The figure on the KV55 coffin lid is depicted in mummiform shape with just the head and hands exposed. The deceased wears a Nubian-style wig, which was usually associated with Queen Kiya during the Amarna Period. On the forehead is an attached ureaus in gilded bronze that is inscribed with the names of the Aten. The face of the figure was once covered with a thick gold-sheet mask, most of which was hacked away in antiquity. However, from the preserved right eye and eyebrow, it is clear that some features of the face were once inlaid with blue glass (to outline the eyes and eyebrows) as well as other semi-precious stones or glass inlays for the eyes. Beneath the chin, a false beard of blue glass inlays with gilding is attached. The curved end of the beard is a representation of the divine beard, often associated with the god Osiris, but during the Amarna Period was meant to show the deceased as a transfigured, deified being instead.
The deceased wears a broad wesekh collar over the chest, with intricate inlays of feathers and natural plants. Below, there are the crossed arms and exposed hands of the individual that once held the royal insignia of a crook and flail. This is evident from the three preserved thongs of the flail that were found with the coffin (these are displayed on the coffin lid’s right side). The rest of the mummiform figure is covered in a rishi-design (the Arabic word for “feather”), which by the 18th Dynasty became an exclusive royal prerogative for coffin decoration. Over the chest and upper torso, the inlays are shaped like overlapping naturalistic feathers (sometimes referred to as the “Horus Feathers”), while over the lower torso and legs of the figure stylized feathers are depicted using chevron inlays. The KV55 coffin shares many similarities to the second (middle) coffin of Tutankhamun (JE 60670), as they are both gilded and covered with colorful glass and semi-precious stone inlays in a rishi-design.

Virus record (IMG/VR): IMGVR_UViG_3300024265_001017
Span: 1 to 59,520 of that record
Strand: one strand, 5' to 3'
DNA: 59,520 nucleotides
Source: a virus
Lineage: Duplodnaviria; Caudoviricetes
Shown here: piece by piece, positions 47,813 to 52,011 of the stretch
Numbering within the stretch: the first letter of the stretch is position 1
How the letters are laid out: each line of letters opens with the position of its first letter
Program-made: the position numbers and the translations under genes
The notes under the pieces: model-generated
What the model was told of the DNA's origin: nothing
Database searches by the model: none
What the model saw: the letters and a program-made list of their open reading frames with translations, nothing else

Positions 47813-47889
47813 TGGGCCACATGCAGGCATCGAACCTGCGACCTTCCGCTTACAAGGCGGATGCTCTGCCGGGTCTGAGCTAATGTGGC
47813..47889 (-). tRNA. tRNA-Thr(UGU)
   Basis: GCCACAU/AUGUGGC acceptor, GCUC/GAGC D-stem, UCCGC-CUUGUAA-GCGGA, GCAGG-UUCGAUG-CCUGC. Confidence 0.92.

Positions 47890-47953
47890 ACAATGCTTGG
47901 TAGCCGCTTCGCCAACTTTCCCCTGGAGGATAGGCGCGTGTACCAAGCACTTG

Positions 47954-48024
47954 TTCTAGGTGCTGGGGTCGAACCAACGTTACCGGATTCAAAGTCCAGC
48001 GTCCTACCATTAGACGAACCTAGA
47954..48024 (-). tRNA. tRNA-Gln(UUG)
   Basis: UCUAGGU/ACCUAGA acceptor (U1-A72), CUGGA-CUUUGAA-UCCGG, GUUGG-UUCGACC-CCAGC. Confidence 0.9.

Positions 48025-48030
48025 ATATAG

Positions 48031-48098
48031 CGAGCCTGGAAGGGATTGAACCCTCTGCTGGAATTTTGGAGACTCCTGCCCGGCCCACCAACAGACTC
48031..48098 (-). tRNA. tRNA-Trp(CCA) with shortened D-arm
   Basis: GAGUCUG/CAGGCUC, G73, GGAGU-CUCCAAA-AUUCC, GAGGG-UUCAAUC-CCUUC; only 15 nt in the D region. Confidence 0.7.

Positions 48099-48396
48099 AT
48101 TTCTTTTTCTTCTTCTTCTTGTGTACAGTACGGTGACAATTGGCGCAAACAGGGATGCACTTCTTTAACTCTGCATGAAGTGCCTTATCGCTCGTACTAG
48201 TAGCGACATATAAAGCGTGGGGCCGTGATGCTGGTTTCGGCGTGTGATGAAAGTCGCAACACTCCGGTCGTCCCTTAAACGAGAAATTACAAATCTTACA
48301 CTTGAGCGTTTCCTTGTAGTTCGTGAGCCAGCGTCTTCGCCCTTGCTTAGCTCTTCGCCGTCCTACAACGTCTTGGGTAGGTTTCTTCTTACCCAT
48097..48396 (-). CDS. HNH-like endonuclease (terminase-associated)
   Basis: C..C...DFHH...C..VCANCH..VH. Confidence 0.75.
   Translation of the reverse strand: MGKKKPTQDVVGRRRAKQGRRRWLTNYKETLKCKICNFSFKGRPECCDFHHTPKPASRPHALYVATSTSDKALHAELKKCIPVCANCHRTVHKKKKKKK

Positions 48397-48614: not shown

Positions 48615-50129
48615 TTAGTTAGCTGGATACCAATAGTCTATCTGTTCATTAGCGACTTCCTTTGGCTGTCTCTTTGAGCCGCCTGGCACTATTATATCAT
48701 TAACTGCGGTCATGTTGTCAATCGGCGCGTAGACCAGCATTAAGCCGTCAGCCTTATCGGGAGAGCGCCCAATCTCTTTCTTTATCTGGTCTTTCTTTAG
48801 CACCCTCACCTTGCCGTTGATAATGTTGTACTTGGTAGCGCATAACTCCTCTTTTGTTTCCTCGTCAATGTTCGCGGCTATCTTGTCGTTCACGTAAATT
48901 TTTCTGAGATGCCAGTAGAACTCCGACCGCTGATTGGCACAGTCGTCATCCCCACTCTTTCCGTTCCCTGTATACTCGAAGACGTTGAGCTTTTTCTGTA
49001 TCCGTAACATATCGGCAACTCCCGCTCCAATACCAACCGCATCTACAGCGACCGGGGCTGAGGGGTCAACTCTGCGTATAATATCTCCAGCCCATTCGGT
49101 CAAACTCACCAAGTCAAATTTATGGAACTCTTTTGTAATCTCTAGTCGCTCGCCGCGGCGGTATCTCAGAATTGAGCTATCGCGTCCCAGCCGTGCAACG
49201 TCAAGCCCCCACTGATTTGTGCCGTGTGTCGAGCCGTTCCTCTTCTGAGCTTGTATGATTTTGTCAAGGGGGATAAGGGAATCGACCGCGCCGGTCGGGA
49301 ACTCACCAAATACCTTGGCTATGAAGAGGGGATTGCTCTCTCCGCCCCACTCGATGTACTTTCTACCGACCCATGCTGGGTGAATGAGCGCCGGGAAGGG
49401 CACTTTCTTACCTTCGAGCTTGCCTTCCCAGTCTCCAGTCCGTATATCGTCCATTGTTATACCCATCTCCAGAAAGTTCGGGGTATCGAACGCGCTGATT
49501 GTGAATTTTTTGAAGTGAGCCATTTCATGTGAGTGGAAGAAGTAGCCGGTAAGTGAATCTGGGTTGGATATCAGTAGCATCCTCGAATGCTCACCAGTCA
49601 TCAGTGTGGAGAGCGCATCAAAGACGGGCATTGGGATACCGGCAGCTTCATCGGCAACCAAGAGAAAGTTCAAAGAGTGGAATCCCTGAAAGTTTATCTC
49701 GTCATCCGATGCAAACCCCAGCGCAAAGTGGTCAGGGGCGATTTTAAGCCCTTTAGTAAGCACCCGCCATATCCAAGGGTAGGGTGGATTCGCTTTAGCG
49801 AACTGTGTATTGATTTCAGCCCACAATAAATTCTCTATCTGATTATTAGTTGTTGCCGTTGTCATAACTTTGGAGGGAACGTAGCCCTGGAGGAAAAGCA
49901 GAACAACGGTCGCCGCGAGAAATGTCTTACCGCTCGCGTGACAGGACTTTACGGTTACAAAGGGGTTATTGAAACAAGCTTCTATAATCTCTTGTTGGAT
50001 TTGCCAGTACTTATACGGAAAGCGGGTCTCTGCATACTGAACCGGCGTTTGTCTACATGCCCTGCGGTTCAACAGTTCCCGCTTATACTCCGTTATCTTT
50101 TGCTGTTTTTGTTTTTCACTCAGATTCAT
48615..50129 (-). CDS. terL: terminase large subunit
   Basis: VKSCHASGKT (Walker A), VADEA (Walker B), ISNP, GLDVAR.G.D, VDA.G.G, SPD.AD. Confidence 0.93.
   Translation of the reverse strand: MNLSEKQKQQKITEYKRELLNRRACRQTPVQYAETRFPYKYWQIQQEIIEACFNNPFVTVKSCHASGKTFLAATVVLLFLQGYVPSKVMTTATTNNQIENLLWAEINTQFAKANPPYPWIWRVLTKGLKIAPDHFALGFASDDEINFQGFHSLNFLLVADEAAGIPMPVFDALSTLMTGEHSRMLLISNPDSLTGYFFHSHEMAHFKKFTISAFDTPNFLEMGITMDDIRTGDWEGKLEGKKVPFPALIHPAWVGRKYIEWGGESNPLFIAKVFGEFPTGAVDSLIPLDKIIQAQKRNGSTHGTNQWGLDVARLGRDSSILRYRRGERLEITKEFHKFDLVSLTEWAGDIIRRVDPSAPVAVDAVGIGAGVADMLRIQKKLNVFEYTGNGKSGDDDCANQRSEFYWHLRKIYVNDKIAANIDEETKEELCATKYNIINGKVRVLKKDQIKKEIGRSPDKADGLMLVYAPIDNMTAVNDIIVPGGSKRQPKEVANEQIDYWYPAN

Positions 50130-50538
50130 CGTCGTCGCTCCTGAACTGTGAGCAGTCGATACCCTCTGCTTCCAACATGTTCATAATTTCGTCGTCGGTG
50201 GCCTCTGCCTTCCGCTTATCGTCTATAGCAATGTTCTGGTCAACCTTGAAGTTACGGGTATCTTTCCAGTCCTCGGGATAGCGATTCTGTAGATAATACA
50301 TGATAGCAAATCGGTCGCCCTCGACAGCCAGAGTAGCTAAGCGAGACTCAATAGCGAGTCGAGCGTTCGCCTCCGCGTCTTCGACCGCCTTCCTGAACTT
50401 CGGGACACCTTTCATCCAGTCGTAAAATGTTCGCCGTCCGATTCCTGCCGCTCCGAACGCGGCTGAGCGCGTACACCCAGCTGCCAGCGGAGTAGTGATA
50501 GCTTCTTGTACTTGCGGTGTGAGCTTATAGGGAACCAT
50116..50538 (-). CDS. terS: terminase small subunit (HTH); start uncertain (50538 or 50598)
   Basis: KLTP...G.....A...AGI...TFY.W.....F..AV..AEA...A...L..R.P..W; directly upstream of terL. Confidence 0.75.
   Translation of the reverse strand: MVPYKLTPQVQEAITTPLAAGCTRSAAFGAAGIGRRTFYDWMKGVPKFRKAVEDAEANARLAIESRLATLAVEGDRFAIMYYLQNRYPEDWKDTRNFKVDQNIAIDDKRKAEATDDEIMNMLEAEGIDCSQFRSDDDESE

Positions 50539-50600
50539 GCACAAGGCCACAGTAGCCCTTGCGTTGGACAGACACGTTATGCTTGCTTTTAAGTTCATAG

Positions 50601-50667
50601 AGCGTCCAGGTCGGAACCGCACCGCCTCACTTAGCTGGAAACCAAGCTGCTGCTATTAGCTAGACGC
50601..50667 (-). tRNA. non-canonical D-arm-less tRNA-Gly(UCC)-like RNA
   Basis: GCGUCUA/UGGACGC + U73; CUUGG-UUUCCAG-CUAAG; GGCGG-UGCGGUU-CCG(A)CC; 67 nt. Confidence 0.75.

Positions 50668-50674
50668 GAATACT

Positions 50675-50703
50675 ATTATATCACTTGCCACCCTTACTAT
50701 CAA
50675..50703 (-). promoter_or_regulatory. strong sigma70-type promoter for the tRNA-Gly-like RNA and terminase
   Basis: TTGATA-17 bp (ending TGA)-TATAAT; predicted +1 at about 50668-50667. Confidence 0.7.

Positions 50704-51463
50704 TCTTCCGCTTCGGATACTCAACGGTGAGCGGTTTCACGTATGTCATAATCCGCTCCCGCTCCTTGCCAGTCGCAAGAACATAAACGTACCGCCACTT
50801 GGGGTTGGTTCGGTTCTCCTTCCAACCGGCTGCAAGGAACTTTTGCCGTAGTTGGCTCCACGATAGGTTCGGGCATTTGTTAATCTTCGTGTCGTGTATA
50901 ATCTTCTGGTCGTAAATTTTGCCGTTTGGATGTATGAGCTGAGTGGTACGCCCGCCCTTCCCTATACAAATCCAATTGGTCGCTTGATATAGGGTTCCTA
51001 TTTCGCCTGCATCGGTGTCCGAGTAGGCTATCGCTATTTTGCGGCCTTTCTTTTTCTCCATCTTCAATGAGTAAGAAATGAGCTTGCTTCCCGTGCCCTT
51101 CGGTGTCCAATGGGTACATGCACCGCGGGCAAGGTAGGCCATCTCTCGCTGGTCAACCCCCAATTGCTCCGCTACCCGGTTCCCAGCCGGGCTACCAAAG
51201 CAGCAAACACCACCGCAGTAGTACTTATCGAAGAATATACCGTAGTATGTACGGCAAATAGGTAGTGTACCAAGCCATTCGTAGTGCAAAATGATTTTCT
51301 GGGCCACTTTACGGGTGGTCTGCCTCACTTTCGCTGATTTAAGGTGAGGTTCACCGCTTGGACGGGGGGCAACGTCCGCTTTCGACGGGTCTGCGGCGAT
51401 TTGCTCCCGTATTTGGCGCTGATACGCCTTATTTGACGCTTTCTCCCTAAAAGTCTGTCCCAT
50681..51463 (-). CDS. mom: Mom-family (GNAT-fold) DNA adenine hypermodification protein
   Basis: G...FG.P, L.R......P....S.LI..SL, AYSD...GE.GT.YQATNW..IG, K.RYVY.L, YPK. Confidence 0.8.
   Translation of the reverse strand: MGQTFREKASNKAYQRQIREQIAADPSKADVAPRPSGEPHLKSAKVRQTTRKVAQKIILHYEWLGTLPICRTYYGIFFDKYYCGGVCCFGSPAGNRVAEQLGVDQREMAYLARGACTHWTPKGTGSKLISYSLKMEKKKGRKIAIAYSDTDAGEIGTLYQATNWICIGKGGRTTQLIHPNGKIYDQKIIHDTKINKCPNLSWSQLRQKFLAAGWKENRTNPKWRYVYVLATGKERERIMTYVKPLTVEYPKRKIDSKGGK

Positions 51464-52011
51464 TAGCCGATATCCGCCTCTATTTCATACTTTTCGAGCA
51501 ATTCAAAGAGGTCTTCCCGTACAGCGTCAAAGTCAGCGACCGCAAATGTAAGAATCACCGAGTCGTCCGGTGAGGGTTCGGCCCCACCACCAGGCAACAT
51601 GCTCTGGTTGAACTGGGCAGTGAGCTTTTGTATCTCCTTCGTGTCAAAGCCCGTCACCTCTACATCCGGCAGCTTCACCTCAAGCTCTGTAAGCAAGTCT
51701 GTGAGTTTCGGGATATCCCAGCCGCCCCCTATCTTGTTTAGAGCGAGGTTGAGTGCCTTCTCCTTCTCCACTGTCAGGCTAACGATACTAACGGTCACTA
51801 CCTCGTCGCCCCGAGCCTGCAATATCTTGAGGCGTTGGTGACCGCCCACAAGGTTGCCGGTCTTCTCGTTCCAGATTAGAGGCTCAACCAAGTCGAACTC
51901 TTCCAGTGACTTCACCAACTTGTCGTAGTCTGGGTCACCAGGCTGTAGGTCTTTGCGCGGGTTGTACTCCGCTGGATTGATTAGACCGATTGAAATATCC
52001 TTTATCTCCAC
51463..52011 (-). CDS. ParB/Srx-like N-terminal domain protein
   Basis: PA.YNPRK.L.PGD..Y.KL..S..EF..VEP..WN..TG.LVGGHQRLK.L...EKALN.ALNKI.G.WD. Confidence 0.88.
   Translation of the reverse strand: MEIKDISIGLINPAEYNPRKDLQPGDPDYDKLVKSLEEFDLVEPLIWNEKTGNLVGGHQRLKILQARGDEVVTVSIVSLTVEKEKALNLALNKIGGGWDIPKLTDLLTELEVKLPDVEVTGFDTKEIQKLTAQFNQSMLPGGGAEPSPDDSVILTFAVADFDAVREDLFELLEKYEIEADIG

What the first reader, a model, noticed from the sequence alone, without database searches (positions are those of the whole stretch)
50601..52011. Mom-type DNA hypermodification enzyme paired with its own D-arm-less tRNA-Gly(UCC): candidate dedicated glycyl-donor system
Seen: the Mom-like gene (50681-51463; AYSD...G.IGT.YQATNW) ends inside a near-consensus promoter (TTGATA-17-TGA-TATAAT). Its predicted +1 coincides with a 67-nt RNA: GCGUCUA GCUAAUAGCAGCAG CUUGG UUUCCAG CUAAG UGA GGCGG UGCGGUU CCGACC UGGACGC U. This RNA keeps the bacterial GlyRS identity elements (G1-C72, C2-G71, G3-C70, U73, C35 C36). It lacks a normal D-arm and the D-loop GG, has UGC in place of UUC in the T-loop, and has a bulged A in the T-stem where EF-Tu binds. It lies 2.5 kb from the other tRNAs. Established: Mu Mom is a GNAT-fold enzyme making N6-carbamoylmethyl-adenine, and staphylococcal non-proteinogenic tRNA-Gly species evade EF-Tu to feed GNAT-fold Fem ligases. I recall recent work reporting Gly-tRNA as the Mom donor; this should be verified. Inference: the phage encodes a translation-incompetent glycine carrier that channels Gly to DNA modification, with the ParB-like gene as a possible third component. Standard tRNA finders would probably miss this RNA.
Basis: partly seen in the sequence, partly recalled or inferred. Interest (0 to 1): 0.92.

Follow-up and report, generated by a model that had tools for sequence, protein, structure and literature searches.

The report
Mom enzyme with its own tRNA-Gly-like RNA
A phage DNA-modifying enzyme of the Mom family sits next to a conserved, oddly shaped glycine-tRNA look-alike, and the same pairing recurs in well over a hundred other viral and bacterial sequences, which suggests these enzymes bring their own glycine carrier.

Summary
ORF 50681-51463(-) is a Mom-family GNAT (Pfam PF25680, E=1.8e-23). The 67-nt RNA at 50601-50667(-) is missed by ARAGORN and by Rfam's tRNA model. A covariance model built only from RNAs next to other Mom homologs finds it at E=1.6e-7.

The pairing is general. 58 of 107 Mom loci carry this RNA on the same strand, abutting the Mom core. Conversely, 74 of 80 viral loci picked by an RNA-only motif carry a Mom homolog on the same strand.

Dividing the lower torso and the two legs is a gold band with a hieroglyphic inscription in colored inlays. The most striking characteristic of this inscription is the hacked-out cartouche. This vertical inscription translates to: “The perfect ruler, symbol of the sun, king of Upper and Lower Egypt, living in truth, Lord of the Two Lands [missing cartouche]. The perfect little one of the living Aten, who shall be alive continually forever, correct in the sky and on earth.” On the underside of the lid’s feet are seven lines of hieroglyphic text (the remaining five continue onto the trough’s feet, which is not shown here). In the uppermost line, a cartouche was deliberately removed in antiquity, while in other sections the inscription was altered from the original feminine text to accommodate the later male burial. The altered text on the foot end of the coffin’s lid reads: “Recitation by [missing cartouche], justified. May I breathe the sweet air that comes from your mouth. May I see your beauty daily. My wish is that I hear your sweet voice of the north wind, that my body may grow young with life for love of you. May you give me your arms with your life-force, that I may receive it and live. May you call on my name continually, without it having be sought [in your mouth] …”. This text is a reflection of the new religious doctrine under the reign of Akhenaten, which repudiated the traditional afterlife based on the myth of Osiris, and instead favored transfiguration and rebirth through the rising of the Aten every day.
Model courtesy of David Anderson, Department of Archaeology and Anthropology, University of Wisconsin-La Crosse (www.sketchfab.com/danderson4 and www.uwlax.edu/archaeology).